Parents will likely be on the look out for hazards in their search for a home. Stairways, decks and pool areas can all pose a risk so make sure you’ve eliminated some of the main issues. Think about doing some minor building work to improve the safety levels in the property. Make sure the latches on windows and doors are working properly, and install sturdy railing on the stair case and around raised areas, like balconies and decking.

Get a second opinion on your pool – they can be an attractive feature when the weather’s warm, but make sure you have any legal paperwork sorted out before the sale and double check that the fencing is all up to standard.

What to think about when buying off the plan

What to think about when buying off the planAfter a few year experience in the property market game, many people start to think about different ways to maximise their profit. There is nothing more appealing than snapping up a house or unit for less than its value and making a great rental return, then waiting for the best time to take advantage of compound growth. In some cases, you can actually buy a property before the building has even been constructed. This is known as buying off the plan.

If you want to go down this path, there are a number of things to think about.

Legal tips

Buying in this way is much different than normal property purchases because you are entering into a contract without being able to view and inspect a physical building. The date for completing the contract is generally not until the building is finished, so you should get legal advice before agreeing to any conditions.

There are a few things you should ask. First, investigate whether there are any serious penalties for withdrawing from the contract. Financial and personal circumstances can change quickly, but you don’t want to be caught out.

Ask questions

Particularly in a big strata development, properties can end up looking the same – but when you want to get as much profit from your investment as possible, you should also ask about customising the property. This can include choosing everything from appliances, wall colours and floor tiles; to finishes in the kitchen and bathroom. You might even want to check on its progress during construction.

You might also enquire about your rights in construction phase. For example, you need to know if you’re able to on-sell during building, or what rights you have the if building is finished earlier than expected but your finances aren’t in order. This is especially the case if construction is delayed or if you’ve paid the deposit but the building doesn’t go ahead at all.

Property investment can be a very lucrative, but it’s very important to be prepared before you commit.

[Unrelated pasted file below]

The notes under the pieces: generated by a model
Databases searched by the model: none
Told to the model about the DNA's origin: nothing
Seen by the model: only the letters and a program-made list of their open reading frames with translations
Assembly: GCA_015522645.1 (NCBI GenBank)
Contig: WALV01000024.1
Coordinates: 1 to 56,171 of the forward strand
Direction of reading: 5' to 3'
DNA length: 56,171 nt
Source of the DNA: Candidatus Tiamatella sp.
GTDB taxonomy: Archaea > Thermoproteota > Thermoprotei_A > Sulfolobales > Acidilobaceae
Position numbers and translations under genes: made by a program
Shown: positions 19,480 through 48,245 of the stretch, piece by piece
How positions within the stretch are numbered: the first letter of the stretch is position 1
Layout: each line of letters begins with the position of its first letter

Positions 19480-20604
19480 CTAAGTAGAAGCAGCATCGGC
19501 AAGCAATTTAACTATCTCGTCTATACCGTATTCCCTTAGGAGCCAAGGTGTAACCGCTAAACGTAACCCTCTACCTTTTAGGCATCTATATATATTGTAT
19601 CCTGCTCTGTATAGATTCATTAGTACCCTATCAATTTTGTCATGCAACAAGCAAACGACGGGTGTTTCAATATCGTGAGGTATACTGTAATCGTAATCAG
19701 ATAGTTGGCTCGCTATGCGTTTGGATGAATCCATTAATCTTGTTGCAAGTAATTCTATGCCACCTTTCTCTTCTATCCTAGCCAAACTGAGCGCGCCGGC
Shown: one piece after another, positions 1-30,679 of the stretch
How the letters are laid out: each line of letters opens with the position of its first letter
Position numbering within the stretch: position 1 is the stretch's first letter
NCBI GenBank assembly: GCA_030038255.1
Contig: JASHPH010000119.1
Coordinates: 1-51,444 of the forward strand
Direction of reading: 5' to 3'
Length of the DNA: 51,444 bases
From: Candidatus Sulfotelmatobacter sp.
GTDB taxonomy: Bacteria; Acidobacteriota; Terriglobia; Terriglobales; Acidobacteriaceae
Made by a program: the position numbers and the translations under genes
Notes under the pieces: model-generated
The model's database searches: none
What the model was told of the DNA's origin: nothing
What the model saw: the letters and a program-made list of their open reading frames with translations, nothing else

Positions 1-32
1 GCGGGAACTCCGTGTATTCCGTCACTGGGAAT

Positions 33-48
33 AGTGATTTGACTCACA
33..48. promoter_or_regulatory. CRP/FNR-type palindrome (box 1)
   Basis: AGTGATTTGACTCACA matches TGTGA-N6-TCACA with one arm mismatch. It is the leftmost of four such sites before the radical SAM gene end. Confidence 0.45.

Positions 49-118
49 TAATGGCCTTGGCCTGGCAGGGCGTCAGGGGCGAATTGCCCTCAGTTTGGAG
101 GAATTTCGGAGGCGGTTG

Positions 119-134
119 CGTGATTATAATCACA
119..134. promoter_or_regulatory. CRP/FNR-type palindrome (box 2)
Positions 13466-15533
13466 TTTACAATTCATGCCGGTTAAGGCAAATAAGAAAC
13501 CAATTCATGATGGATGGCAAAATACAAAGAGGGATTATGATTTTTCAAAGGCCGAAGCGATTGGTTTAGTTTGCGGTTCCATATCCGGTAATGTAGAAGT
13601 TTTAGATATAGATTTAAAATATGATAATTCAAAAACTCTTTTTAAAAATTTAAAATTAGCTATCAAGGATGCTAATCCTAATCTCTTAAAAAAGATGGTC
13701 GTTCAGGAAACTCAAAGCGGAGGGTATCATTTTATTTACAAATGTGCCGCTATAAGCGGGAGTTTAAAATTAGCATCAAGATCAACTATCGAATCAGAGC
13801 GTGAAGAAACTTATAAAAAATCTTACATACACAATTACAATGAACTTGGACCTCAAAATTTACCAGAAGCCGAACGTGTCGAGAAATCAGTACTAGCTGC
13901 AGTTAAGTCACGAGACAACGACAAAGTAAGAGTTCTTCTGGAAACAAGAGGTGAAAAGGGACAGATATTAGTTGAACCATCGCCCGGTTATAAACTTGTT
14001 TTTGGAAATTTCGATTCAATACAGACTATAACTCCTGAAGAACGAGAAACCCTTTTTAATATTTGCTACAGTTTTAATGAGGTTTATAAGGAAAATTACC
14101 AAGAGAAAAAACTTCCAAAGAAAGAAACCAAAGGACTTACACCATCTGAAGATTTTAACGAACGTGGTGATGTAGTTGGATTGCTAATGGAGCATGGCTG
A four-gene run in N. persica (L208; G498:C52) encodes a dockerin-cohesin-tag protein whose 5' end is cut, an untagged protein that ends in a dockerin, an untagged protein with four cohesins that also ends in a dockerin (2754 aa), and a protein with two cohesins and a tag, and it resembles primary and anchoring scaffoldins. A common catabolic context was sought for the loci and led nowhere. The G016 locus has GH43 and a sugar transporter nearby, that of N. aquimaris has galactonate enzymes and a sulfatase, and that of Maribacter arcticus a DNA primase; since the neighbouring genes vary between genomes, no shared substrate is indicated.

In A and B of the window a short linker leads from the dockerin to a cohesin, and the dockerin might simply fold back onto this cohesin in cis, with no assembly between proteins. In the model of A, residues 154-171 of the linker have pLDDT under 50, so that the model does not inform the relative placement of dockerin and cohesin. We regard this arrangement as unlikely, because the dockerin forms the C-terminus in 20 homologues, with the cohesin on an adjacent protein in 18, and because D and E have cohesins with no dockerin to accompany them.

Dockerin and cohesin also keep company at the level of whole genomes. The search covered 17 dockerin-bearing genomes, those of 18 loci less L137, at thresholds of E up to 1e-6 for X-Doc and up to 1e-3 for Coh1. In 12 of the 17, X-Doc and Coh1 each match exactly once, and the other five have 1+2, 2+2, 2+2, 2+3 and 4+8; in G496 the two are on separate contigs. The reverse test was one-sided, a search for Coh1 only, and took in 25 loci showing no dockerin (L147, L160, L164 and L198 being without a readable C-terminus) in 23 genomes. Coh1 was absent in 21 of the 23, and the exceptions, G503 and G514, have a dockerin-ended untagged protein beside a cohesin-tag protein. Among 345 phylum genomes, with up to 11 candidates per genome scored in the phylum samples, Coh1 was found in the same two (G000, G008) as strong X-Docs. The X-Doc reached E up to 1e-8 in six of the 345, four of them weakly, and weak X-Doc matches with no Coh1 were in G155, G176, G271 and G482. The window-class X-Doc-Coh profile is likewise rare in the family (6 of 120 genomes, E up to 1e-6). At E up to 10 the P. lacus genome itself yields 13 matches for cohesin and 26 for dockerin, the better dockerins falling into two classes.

Get your garden ready for sale

Get your garden ready for saleBeing outside is widely accepted as being good for your health, so it follows that one of the first things people will gravitate towards in a property is the backyard. If you’re one of many people blessed with even a small patch of green grass, putting that space to its best use with landscaping can significantly increase the likelihood of a good sale. Here are a few tips to get your garden in ship sale shape.

Tidy and clean

The first step toward making your garden look like a lush oasis is to get it spick and span. This means throwing out any old toys, rubbish or gardening waste. Washing down fences and the driveway with a high pressure hose will also make a world of difference. Basic tasks like weeding garden beds and using an edging tool along paths can make an untidy space look much fresher.

This also applies to overgrown or ugly shrubs – but if there are trees or bushes you need removed, check with your local council first. Pulling out plants on a boundary line could get you into trouble with the neighbours.

Lawning it over

Turf Australia has found that 73 per cent of buyers want a lawn primarily as a safe playing area for their children, and the majority of people want a lawn to be at least 30 per cent of the total size of the home. With this is mind, if your grass is patchy or hasn’t been well maintained, think about bringing it up to scratch.

There are many easy-to-use products on the market for improving grass health. Even consider laying new turf. It’s an almost instant solution to make your backyard appear more manicured.

Low maintenance is best

Before you start hacking away at the hydrangeas, check with your real estate agent. They’ll be able to tell you what people in the area are looking for in the area and what landscaping – however small – will add the most value. Casting the net wide is often a good strategy – not everyone will want a high-maintenance garden, but it’s easier to add to an existing plot than to redo the entire thing. Add some basic shrubbery and some colourful potted flowers.

Tips for finding a good investment

Tips for finding a good investmentProperty investment is a big financial commitment so you want to make sure you get the best bang for your buck. Whatever your long term investment goals, there are a huge array of factors to consider when choosing the ideal property. Here are some ideas to get the ball rolling.